Noodle in Soup: A Must-Try Hong Kong Classic
Updated: Mar 20
A classic that is simple and loved across the generations. Here's a nod to this less-known pillar of Hong Kong cuisine - the fish ball noodle in soup.
This bowl doesn't look like much. In fact, it looks quite plain. There are no bursts of colour except for the sprinkle of chopped spring onions. Yet, appearances can be deceiving; this humble-looking bowl of noodle soup packs a surprising punch of flavours that is both clean and robust.
A shy classic
Out of the limelight but acknowledged by all.
When one thinks of noodle dishes specific to Hong Kong, quite a few come to mind. Wonton noodles, cart noodles, and stir-fried flat noodles with beef slices are a few internationally renowned classics. Yet, there is a classic that is often out of the limelight and that is the simple bowl of fish ball noodles in soup (魚蛋粉 yu dan fun) that is loved by all.
The landmark in Shau Kei Wan
A little eatery most famous amongst locals for their stellar fish ball noodles is On Lee Noodles. Located in the Eastern district of Hong Kong Island on Shau Kei Wan Main Street East, a road lined with restaurants of all types, On Lee Noodles is easily identifiable for one reason - the line.
Established in 1966 and run by family members of the founding chef, this restaurant is constantly filled at all opening hours. Classic of family-run restaurants that have been time-honoured, there are many regular patrons, some multi-generational, and all are welcomed in by the fun staff who readily treat you as their own - which means gruff in a familiar sort of way that is classic of Hong Kong.
About the bowl
Clean and flavourful, simple yet intense.
Clear broth, milky white flat rice noodles, a mix of fish balls and sliced fish cake, and topped with a little garnish of spring onions. That's as simple as it gets. Though, with the first sip of hot soup, you'll know that simple in flavour it is not. Salty, steeped with umami from the sea, the depth of flavour one can get from this clear broth will undoubtedly raise eyebrows and bring a startled laugh. The freshness of the spring onions compliments and highlights the intensity of the broth that has evidently been created with plenty of time and patience. Paired with silky smooth rice noodles and a bite of fish ball, every taste of this dish is a comforting yet exciting one.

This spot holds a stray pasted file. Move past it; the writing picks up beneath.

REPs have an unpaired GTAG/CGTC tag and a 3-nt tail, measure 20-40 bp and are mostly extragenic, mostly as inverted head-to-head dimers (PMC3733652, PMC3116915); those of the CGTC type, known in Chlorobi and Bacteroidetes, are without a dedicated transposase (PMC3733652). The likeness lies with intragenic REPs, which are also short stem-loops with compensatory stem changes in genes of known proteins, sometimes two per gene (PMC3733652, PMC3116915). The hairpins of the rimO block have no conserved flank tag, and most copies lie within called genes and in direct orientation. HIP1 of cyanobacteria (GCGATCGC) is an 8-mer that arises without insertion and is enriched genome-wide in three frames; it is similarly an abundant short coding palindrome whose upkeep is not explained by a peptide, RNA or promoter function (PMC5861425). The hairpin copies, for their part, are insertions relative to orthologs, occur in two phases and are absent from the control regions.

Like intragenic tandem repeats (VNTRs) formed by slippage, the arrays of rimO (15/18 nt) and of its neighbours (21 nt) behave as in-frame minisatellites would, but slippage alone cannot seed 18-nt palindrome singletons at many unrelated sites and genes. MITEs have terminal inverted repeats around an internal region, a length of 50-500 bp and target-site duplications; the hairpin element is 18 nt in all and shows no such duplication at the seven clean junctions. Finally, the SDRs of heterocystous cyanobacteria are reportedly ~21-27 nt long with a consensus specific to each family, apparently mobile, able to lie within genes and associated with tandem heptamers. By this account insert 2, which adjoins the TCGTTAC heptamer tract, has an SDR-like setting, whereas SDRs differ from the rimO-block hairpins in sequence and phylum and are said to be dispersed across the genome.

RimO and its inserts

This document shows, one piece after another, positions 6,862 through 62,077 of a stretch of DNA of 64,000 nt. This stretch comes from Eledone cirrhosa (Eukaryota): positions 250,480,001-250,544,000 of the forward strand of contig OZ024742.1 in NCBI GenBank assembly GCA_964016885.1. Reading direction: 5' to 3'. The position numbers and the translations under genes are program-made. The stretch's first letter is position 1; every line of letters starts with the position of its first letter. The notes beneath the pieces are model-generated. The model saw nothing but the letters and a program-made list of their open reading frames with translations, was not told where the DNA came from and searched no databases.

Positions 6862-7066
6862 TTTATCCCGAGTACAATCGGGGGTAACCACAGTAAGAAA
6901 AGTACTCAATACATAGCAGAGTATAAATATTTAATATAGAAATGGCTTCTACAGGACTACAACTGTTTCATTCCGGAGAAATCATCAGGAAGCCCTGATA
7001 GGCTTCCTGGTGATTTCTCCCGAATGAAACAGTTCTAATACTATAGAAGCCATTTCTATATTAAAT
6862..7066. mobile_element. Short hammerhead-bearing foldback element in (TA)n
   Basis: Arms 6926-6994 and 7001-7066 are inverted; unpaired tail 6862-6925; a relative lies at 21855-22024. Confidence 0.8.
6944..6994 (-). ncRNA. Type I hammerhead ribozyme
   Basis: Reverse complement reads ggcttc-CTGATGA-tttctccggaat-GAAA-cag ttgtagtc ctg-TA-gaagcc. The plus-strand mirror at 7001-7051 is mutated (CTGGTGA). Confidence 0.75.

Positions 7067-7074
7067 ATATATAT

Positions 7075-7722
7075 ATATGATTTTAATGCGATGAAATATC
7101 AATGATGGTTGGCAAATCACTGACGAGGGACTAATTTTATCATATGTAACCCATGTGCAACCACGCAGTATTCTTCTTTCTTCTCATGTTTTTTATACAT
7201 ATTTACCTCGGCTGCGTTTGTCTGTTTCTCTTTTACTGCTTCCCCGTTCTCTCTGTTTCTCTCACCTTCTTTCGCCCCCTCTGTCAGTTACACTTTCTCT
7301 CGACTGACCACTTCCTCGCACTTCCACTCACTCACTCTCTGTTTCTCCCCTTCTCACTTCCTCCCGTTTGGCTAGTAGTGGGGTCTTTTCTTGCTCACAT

What's more, if you simply add a little spade of home-made chili oil from the pot that sits idle in each and every table of the restaurant, the excitement this bowl can provide to your palate is instantly ramped up. Not available for sale, this chili oil is very hot, garlicky, earthy, and highly addictive. A few drops of it go a long way, so I suggest adding it with caution. You'll be in for another eyebrow raiser.
Honourable mentions from On Lee Noodles
When you're at On Lee, fish ball noodles is not the only star of the show. This eatery is well-established amongst locals for a reason, they do A LOT of things very very well. Take the sliced beef brisket for example. Have it in noodle soup or by itself, this brisket will fall apart in your mouth instantly and leave only a soft earthy trace of itself behind. Regulars of On Lee are usually battled with indecision when they have to choose been a bowl of fish ball noodles or that of beef brisket. I like to simplify matters and order fish ball noodles with the beef brisket on the side. Easy no?
A meal is also never complete without a cup of tea and a dessert, at least in my eyes. On Lee does both brilliantly. Grab yourself a cup of Hong Kong-styled milk tea and their famous butter slice & condense milk toast sandwich, and you'll be in food heaven. I like to order my toasts extra toasted, and my milk tea very lightly sweetened (少甜 siu tim) with condense milk rather than sugar (we locals call the type of tea 茶走- cha zau). Take a bite out of the toast sandwich that is hot and crunchy on the outside, cold, buttery and sweet on the inside. Follow that with a nice sip of earthy dark tea...now that's what I call a match found only in heaven. Aren't I glad On Lee is Jacob's Ladder with an express line to it.
Don't fear the line
Whilst there is perpetually an intimidating line in front of On Lee Noodles, don't panic! The line moves swiftly and you'll usually be seated after a half-hour wait. What's more, it's definitely very very worth the wait.
A heads-up, On Lee opens from 9am-7pm every day except for Thursdays and the family usually takes a break during Chinese New Year. But other than that, happy dining people!